A Letter To…

King James,
I am Theodora Gibbs. I am writing to you about an urgent matter that concerns the witch trials. My beloved sister, Mildred Ninnis, was recently taken from her home and is soon to be burned alive. She was taken based solely on the fact that she has some knowledge in medicine. However, there is a perfectly reasonable explanation for this! Her husband, Erasmus Ninnis, is a doctor. He often talks with her about his work, and therefore she has gained some knowledge of medicine. Please, I beg of you, do not hurt her! She doesn’t mean you or the church harm! She has children! If you must take someone, take me instead. I have yet to be married, and I am closely related to Mildred. You would be better off with me, I would cooperate better than her. Please, sir, she has a family! She is loved! Let her go!

This has been going on for far too long. How do we know that these women you are murdering are witches? Please offer them the benefit of the doubt and stop harming every woman who is yet to find her love, or who has the intelligence to understand medicine. I beg of you. Help us.

French Revolution

Economic: The French economy was bad to start with. France was involved in the American Revolution, which cost a lot of money. Then after the American Revolution, the French king went into debt. He spent a lot of money on himself, buying luxuries and expensive products, and didn’t have enough money to pay it all back. To resolve this issue, he decided the best thing to do would be to raise the taxes in his country. However, the people who were the most affected by the tax raise were the poorest people, known as the third estate. This didn’t go over well with them, and they formed the National Assembly to rebel against the king.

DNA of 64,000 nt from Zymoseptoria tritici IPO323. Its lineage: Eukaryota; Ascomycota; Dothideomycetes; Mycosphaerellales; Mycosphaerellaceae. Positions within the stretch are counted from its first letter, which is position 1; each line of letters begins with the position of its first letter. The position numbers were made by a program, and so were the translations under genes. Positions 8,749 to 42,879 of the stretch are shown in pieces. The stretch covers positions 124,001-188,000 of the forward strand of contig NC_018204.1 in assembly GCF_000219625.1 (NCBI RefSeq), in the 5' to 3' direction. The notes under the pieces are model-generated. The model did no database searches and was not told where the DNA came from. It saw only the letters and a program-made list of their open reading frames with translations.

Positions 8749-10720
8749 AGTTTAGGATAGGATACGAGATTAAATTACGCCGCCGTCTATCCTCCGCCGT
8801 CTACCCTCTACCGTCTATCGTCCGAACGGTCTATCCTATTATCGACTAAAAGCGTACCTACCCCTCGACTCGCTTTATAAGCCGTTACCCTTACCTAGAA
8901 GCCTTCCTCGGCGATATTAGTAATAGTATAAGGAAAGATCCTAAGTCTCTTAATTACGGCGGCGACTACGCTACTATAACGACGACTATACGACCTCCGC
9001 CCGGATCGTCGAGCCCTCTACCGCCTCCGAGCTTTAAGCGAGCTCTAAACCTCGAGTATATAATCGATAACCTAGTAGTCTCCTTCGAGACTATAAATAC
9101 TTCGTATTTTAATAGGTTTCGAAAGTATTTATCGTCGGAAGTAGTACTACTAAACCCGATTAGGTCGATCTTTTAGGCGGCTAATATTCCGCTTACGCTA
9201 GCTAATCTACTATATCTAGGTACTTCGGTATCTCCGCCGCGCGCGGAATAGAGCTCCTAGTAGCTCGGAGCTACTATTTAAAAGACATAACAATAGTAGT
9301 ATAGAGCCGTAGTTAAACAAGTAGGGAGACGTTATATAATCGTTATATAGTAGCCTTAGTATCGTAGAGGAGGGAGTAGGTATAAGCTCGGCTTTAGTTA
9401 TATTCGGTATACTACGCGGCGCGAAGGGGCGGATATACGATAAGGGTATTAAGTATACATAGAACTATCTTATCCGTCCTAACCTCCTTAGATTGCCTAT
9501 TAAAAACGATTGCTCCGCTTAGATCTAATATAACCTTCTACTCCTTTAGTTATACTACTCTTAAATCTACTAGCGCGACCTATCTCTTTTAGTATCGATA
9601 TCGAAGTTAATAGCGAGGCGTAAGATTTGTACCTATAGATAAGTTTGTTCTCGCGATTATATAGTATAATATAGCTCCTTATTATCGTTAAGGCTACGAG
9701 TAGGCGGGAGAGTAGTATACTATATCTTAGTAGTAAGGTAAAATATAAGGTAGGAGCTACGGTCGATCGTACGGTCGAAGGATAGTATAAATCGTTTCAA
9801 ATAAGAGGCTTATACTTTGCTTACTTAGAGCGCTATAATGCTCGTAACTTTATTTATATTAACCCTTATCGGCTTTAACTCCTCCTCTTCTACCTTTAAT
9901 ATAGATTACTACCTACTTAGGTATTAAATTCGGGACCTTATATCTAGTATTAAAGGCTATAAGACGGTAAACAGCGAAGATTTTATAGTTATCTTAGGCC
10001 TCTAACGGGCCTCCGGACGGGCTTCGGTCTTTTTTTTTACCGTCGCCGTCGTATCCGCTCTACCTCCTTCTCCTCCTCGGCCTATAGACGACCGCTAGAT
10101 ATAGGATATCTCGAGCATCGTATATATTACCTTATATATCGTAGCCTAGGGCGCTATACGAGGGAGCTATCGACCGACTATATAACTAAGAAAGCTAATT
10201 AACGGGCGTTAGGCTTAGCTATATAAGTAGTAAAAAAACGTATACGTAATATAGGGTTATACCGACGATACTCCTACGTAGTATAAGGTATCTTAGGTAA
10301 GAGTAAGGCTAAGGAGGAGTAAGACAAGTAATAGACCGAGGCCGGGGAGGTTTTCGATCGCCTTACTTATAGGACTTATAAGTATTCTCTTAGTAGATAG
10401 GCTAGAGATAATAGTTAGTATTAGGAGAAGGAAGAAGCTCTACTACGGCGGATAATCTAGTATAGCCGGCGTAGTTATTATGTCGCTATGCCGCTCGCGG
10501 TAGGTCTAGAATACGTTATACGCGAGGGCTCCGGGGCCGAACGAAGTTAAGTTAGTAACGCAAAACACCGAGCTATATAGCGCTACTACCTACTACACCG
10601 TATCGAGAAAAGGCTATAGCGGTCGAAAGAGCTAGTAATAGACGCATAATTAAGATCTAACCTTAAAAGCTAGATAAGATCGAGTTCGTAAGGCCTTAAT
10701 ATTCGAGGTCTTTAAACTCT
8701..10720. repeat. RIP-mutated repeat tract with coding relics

Social: When the National Assembly started to rebel, everyone caught wind. They wanted to rebel for their causes as well. The Women’s Liberation Movement emerged to advocate for their rights. Because of this, many men died. The women had to start taking over the men’s jobs, which destroyed the social discrimination class system. All of this lead to the ride of the middle class.

Technological: During the Revolution, the only major advancement was the guillotine. It made killing much easier and more efficient, which was extremely helpful during the Women’s Liberation Movement.

Political: After the Revolution, the government became a more loose and open government. The people had more political power, and they were able to speak their minds. Their ruler, King Louise XVI, was executed by guillotine. However, the governing system did not fully sway from a monarchy to a democracy.

Economic: Once the Revolution ended, the economy still wasn’t good. It wasn’t until the rise of Napoleon Bonaparte that there were any major changes.

An event in the present that is loosely following the same trajectory as the French Revolution is the Me too Movement. Although it is an ongoing movement, it started similarly to the way the French Revolution started; with a large group of people standing up for themselves and their rights. The Time’s Up Movement is roughly the same as the Me too Movement, but followed afterwards. The French Revolution and the Me too Movement are both rebelling against a higher power, the king and workplace harassment, respectively. There have been many smaller changes within the Me too Movement, such as examinations of the gender wage gap, new bills being passed, and many smaller groups coming together to acknowledge sexual harassment in other areas. Although the Movement has not terminated, there so far (debatably) hasn’t been enough change to say that the Movement has been successful. This is the same with the French Revolution. There was change, more than seen ever before, but not enough to completely flip the way things function.

The wheel does not end in justice. At some point, Napoleon comes along and alters the wheel, however in the context of the French Revolution, there is not justice for the people. I wouldgq say that this continues into another Revolution, where Napoleon comes and changes the country in a much more noticeable way. I would also say that the consequences of the event were positive, even if they did not follow the plan of the people. The goal of the Revolution was to create a democracy instead of a monarchy. This didn’t happen, but they got closer than before.